Blog Series – Covid-19: Stories, Insights and Perspectives Robertson Lab & OID

By Corrinne Fahl

Can We Detect SARS-Cov-2 More Efficiently and Effectively in the Near Future?

In the midst of this pandemic, Penn Medicine continues its history of innovation by leading the way in finding solutions to  fight COVID-19. The Office of Inclusion and Diversity had the opportunity to learn more about one new approach to detect SARS-Cov-2.

Respiratory infections are a major cause of human disease, responsible for some of the world’s most devasting pandemics over the last 100 years. Furthermore, both influenza and corona viruses have been associated with some of the deadliest pandemics. Specifically, to date, the previous outbreaks of respiratory infections include the 1918 Flu responsible for approximately 33 million deaths,  the H1NI outbreak in 2009 which was associated with about 284K deaths,  and the 1957 and 1968 Flu outbreaks, responsible for approximately 2 million and 1 million deaths, respectively. The coronaviruses SARS was responsible for 774 deaths, MERS was associated with 858 deaths, and more recently SARS-Cov-2 with over 2.1 million infected and over 147 thousand deaths to date.

Presently, SARS-Cov-2 has been declared a global pandemic from a possible zoonotic transmission with bats and pangolins, although this is yet to be clearly determined. This virus continues to be an increased health risk for individuals that are elderly (over 65 years), immunocompromised, and have comorbidities. Yet, as we’ve seen, SARS-Cov-2 can negatively impact any individual. Transmission occurs by droplets, freely dispersed from respiratory fluids and by fomite. Of note, this virus can also be shed from individuals who show no symptoms, and so increasing its transmissibility. Current tests for SARS-CoV-2 infection can be accomplished with multiple approaches including: (1) Chest CT, elevated LDH and Leukopenia, (2) Molecular PCR (CDC, Quest and LabCorp) which takes a 3-4 days turnaround, sometimes as long as 8 days, (3) Rapid test by GeneXpert Cepheid (45min) or Abbott (15 min), (4) Serological testing (for point of care), but may not be sufficiently clinically validated, and (5) Viral culture, however, current multiplex respiratory panel test will not detect SARS-CoV-2. Therefore, testing currently remains a challenge in the United States.

Dr. Erle Robertson, Harry P. Schenk Endowed Chair Professor, Vice Chair for Research for the Department of Otolaryngology and Professor of Microbiology and his lab developed a PathoChIP that can enable detection and identification of RNA and DNA pathogens in a single assay and has the sensitivity to detect 1 target sequence in a background of 100,000 copies of host genome. Greater sensitivity and less cumbersome analysis are two potential advantages of this test as compared to other testing modalities.  The specificity is also potentially greater considering there are multiple probes across the genomes, so even if one or two fails, there is also the capacity to detect other regions, reducing false negatives.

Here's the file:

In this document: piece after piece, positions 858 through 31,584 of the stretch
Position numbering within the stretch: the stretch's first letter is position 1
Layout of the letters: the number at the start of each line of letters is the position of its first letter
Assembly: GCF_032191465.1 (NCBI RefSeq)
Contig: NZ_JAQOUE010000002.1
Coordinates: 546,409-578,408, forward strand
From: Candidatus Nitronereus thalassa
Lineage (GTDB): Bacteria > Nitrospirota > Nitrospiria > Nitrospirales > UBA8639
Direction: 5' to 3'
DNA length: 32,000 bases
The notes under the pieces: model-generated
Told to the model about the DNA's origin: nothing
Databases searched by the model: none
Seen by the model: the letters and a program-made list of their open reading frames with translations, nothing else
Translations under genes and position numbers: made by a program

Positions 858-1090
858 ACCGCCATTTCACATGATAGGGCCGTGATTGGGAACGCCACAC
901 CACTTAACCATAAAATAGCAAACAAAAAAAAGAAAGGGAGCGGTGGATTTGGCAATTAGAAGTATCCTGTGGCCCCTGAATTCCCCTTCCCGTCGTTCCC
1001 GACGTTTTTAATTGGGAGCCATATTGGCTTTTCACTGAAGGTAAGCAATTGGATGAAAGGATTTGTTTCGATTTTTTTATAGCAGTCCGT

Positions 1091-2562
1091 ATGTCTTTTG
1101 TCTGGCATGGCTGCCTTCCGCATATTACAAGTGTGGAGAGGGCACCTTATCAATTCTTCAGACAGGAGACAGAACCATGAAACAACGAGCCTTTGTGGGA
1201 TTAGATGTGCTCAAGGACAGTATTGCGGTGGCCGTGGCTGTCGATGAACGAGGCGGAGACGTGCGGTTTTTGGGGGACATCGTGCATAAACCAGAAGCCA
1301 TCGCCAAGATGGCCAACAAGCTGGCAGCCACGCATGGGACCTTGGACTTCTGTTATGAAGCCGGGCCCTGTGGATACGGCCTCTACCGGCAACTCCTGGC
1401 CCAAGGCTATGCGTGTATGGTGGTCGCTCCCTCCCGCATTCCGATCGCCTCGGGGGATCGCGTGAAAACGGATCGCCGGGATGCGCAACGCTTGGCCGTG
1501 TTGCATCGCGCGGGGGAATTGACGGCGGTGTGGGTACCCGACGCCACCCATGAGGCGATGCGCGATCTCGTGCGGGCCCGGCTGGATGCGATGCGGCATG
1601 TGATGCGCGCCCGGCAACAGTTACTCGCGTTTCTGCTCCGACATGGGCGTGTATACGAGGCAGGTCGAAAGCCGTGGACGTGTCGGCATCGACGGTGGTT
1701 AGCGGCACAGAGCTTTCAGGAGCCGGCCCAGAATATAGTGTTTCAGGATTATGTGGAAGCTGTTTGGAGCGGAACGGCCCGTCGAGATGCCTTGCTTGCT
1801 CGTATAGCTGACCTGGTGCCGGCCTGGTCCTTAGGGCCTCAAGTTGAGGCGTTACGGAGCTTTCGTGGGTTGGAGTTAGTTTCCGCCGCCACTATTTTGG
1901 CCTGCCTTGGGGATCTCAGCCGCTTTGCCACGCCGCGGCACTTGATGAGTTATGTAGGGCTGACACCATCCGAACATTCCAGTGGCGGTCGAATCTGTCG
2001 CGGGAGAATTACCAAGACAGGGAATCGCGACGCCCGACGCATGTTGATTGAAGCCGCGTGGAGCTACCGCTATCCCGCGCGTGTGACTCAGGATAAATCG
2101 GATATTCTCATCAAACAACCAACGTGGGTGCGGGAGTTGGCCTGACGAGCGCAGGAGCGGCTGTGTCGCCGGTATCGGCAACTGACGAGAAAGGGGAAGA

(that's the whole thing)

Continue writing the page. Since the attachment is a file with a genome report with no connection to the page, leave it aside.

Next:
More specifically, the Robertson Lab has developed a “PathoChIP”, which is a metagenomics assay for parallel DNA and RNA detection of all known viruses, and a comprehensive group of human pathogens which include bacteria, fungi, protozoa, helminths. The design has been developed starting from genomic sequences of the infectious agents concatenated into synthetic chromosomes in silico. Importantly, the viral sequences include both unique and common regions that are present in the families of viral agents. This allows for detection of agents that belong to a specific viral family but may not be previously identified. As noted, the PathoChIP can enable detection and identification of RNA and DNA pathogens in a single assay and has the sensitivity to detect 1 target sequence in a background of 100,000 copies of host genome. It includes probes for all known respiratory pathogens (viruses, bacteria, fungi and protozoans), and more recently the identified SARS-CoV-2. The samples and human genome reference DNA are labeled and hybridized on arrays on glass slides, and the information extracted to allow for detection of the positive hits in analysis. The analysis pipeline developed by the Robertson Lab allows to discriminate positive and negative signals, and to identify the pathogen based on combination of positive probes. This technology also allows the possibility to perform regular updates of targeted organisms, such as SARS-Cov-2 in a dynamic fashion. Lastly, since the design includes both conserved and unique probes, the assay has the ability to detect both known and novel viral pathogens which belongs to any family of viruses due to the specificity and conserved nature of the probe design.

The PathoChIP has been developed to quickly detect SARS-Cov-2 at the Perelman School of Medicine and will be used to screen patient samples for obtaining an emergency use authorization from the Federal Drug Administration.  This research holds promise at a time when it seems the world is seeking tests to screen for this novel virus.

Office of Inclusion and Diversity on the Robertson Lab